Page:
Over the last couple of weeks, I’ve written some posts around a panel discussion I participated in, organised by the Fermanagh Churches Forum (FCF): The Future of the Organised Church – Any Questions? This is my final post about the discussion, and it addresses questions we received from the floor about what might be called ‘global justice’ issues:
- Are the churches taking the environment seriously?
- Why have so few churches in Northern Ireland taken up fair trade?
The FCF is probably best known in its local area for promoting inter-church contact, anti-sectarianism, and reconciliation. But FCF is one of the case studies for my School’s IRCHSS-funded Visioning 21st Century Ecumenism research project, so I know that climate change and fair trade are issues that it is passionate about.
FCF has organised a number of events around climate change and has an entire section of its website devoted to a Christian response to climate change. It quotes Matthew 25:34-45, where those who did not care for the ‘least’ of God’s creation are told to depart from Him. The FCF website asks:
As glaciers melt, sea levels rise and rains come late, not at all or disastrously heavy, more and more of our brothers and sisters will be hungry, thirsty, naked and strangers at the closed door of the rich world. Is this what we mean by being stewards of God’s creation?
Members of FCF also see climate change and fair trade as issues that people from all religions in the community can cooperate on. Their various educational and activist-orientated events have attempted to draw in people from all churches, as well as secular perspectives, especially the vigil around last year’s Copenhagen talks.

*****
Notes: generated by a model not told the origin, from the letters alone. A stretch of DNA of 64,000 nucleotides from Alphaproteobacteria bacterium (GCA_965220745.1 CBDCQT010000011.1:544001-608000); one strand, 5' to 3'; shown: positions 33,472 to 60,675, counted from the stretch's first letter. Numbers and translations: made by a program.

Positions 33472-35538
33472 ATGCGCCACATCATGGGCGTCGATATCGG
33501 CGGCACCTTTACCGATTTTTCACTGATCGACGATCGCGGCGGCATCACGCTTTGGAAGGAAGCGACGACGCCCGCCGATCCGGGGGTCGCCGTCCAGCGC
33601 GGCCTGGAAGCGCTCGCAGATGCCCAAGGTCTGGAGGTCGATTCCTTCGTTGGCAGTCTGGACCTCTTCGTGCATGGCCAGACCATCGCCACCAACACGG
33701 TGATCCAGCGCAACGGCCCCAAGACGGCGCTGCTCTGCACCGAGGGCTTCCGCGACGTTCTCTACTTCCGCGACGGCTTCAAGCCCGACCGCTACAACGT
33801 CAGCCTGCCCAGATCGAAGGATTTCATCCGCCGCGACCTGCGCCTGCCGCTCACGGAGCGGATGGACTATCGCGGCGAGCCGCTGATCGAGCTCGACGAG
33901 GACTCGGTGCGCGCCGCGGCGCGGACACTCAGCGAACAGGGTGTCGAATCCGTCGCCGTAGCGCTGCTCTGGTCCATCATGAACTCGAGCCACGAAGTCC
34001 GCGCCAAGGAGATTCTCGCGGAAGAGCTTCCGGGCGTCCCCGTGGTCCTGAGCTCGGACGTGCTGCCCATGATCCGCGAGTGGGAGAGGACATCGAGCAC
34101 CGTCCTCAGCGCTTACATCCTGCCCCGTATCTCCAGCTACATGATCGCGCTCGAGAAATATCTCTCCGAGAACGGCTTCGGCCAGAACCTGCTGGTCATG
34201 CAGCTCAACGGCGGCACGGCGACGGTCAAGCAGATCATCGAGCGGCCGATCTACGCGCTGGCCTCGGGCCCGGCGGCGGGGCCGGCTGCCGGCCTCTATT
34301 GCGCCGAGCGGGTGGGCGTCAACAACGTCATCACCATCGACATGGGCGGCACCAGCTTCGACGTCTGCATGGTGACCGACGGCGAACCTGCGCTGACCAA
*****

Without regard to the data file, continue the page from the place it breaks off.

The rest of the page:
Even so, my response to both questions was that climate change and fair trade are issues that tend to be left to a small, but enthusiastic, minority within church congregations. A woman in the audience shared how it took her, and a few others, a very long time to convince their congregation even just to use fair trade tea and coffee.
I think that in Northern Ireland part of the lack of attention to these issues can be explained by the way the churches turned in on themselves during the Troubles. Understandably, they had a lot to deal with, not the least of which was comforting victims and survivors, burying the dead, and in some notable (although regrettably too few) cases contributing to grassroots peacebuilding.
Further, Presbyterian minister David Cupples noted that some Christian theologies are actually hostile to ‘social justice’ issues. For instance, there is a strand of fundamentalist/evangelical Protestantism that takes the view that we are living in the ‘last days.’ From this perspective, with the ‘rapture’ and God’s return imminent, it doesn’t really make sense to care for creation.
He said that it will take a long-term educational process within the churches before they develop a fuller understanding of the gospel, one that embraces social justice issues.
Sr. Elizabeth Fee shared how at the recent celebration of the Feast of Christ the King, she was struck for the first time by a reading that spoke about creating a kingdom of justice, love and peace. She found it significant that ‘justice’ came first, before love and peace, which for her signalled a fresh prioritising of social justice issues.
I think climate change and fair trade are issues around which Christian churches could be truly counter-cultural. But this would require significant lifestyle changes. For example, it might include something like a weekly, one-day fast from consumerism – what one might call an anti-climate change return to Sabbatarianism. The possibilities could be many but sadly I do not think many are being realised.
Click below to read the rest of the series: